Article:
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Creatine phosphokinase levels in HIV-seropositive individuals after a single bout of isokinetic resistance exercise

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Item Summary

Title: Creatine phosphokinase levels in HIV-seropositive individuals after a single bout of isokinetic resistance exercise
Authors: Heeter, Andrea
Keywords: HIV-positive persons -- Health and hygiene
Isokinetic exercise -- Physiological effect
Creatine kinase
Issue Date: 2006
Abstract: Context: Human Immunodeficiency Virus (HIV) is a life long immunosuppressive disease that leads to aerobic and anaerobic deconditioning, and diminished capacity to function independently in society, Acquired Immunodeficiency Syndrome (AIDS), the risk of AIDS wasting, and death. Normal elevations of creatine phosphokinase (CK) in HIV-Seropositive individuals, even at rest, are not consistently associated with varied symptoms of the disease; however it is the most reliable muscle damage quantifier. Additionally, investigation of an acute high-intensity resistance exercise bout on HIV -Seropositive individuals is limited and may be detrimental to HIV-Seropositive individuals by suddenly activating the immune system, thereby increasing HIV replication Objective: To investigate the effects of a single bout of high-intensity concentric resistance exercise and CK in the HIV -Seropositive population. Design: Data were analyzed using analysis of variance (ANOVA) for peak torque (PT) knee flexion and extension, body mass index (BMI), and percent body fat, 2 x 5 repeated measures ANOV A for CK levels, and 2 x 3 repeated measures ANOV A for number of repetitions to 50% fatigue per set. Setting: AIDS clinic and University athletic training lab Participants: 13 HIV -Seropositive participants (two females and eleven males; age = 44.5 ± 8.5 years, 8MI = 25.2 ± 3.7) and six HIV-negative participants (one female and five males; age = 40.5 ± 4.0 years, 8MI = 30.7 ± 2.5). Intervention(s): Participants performed three sets of isokinetic knee flexion and extension to 50% fatigue on the 8iodex 3 systems. Main Outcome Measure(s): Serum CK levels pre-test and post-exercise at 24, 48, 96, and 168 hours. Peak Torque knee flexion and extension, number of repetitions to fatigue, 8MI, and percent body fat were measured pre-exercise. Results: No differences were revealed in CK levels regardless of group (P = 0.09) and no interactions between groups and CK collection times (P = 0.66). No difference in PT flexion or extension for the HIV-Seropositive (54.2 ± 22.2 and 95.4 ± 37.8 respectively) and the HIV-Negative (124.7 ± 41.9, P = 0.15 and 70.2 ± 19.4, P = 0.15) groups. Percent body fat and 8MI were significantly lower in the HIV-Seropositive group (25.2 ± 3.7, P = 0.01; 25.4 ± 7.8, P = 0.02) than the HIV-Negative group (30.7 ± 2.7; 34.4 ± 4.7). Conclusions: A single acute bout of anaerobic concentric resistance exercise did not sufficiently cause a significant increase in CK levels in HIV -Seropositive individuals.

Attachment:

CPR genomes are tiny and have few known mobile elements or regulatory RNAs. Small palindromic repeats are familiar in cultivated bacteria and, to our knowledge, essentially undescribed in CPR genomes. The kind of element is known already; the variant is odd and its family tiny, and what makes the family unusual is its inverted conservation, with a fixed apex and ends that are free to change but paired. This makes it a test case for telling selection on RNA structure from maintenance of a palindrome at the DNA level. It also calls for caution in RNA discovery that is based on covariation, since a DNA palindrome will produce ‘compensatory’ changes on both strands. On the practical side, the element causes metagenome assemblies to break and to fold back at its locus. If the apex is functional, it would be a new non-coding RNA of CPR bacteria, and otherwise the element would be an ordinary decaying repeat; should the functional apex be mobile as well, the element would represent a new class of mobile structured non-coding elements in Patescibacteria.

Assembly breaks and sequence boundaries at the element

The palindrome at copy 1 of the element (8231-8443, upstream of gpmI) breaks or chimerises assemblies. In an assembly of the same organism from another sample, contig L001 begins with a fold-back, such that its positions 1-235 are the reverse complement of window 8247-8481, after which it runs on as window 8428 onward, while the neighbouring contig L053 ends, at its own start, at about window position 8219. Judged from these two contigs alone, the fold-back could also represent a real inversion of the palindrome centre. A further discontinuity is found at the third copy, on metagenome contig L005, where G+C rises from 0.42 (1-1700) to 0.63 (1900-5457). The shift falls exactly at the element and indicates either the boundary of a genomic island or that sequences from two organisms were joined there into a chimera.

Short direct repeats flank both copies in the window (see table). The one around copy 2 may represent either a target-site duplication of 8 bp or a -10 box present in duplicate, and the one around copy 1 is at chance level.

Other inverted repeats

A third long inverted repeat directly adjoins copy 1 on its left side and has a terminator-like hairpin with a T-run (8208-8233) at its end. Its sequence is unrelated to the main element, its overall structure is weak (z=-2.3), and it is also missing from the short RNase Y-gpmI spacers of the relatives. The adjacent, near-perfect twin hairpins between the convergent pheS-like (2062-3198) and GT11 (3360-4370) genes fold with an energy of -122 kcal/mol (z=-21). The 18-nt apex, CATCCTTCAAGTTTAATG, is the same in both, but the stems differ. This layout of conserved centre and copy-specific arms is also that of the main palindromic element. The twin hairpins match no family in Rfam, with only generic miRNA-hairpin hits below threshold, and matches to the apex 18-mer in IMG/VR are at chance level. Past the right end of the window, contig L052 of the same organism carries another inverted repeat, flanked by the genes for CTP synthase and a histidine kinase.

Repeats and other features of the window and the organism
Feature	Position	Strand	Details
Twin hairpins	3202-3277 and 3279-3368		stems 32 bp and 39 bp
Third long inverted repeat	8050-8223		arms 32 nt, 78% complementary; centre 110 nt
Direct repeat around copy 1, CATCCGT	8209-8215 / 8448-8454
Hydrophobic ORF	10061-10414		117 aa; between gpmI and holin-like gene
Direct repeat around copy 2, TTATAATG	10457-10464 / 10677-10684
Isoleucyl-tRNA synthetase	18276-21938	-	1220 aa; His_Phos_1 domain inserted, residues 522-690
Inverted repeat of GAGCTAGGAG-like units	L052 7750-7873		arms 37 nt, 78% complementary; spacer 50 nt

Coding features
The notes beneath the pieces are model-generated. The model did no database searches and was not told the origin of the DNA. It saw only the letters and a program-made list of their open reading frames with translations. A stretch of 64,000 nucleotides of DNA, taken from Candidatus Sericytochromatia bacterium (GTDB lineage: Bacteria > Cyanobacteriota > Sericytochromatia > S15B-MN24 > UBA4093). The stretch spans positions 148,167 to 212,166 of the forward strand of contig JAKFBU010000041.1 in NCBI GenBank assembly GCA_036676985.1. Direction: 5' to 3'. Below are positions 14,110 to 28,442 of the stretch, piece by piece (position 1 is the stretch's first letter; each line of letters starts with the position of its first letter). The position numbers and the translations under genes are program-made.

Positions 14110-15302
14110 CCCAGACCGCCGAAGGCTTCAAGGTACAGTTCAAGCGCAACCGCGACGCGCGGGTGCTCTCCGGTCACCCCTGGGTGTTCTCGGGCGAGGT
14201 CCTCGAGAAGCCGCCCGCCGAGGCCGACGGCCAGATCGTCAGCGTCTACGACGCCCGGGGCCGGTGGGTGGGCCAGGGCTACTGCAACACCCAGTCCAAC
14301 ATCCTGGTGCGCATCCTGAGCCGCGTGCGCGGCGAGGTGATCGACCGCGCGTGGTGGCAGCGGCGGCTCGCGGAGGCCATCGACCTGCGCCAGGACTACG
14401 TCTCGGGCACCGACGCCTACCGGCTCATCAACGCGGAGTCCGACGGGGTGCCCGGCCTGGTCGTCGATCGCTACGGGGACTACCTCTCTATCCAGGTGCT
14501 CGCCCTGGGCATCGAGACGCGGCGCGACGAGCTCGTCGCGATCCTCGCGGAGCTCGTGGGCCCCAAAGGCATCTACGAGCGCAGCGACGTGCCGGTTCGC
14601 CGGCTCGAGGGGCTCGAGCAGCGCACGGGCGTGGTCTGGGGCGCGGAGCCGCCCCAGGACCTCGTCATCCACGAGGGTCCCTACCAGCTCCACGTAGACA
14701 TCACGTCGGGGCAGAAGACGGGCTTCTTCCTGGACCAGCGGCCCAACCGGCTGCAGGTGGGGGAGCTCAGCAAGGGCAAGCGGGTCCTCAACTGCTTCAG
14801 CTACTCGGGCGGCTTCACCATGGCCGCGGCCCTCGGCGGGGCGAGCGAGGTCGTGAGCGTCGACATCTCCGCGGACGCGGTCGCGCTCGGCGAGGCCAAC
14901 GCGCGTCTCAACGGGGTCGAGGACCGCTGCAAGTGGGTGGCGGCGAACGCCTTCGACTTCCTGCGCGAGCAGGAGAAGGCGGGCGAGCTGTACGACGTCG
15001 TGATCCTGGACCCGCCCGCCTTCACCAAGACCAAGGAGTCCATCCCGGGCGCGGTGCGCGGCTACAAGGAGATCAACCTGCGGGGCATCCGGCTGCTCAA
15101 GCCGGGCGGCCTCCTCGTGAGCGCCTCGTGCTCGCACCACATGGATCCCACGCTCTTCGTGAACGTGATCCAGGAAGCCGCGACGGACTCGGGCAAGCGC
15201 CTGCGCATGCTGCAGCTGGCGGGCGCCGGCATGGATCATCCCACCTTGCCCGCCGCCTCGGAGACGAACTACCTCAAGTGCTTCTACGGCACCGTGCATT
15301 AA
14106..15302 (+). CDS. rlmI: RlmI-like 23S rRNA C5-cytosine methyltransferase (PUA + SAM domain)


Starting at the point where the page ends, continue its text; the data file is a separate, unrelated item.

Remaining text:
Description: Thesis (M.S.)--University of Hawaii at Manoa, 2006.
Includes bibliographical references (leaves 55-58).
ix, 58 leaves, bound ill. 29 cm
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Appears in Collections:M.S. - Kinesiology and Leisure Science

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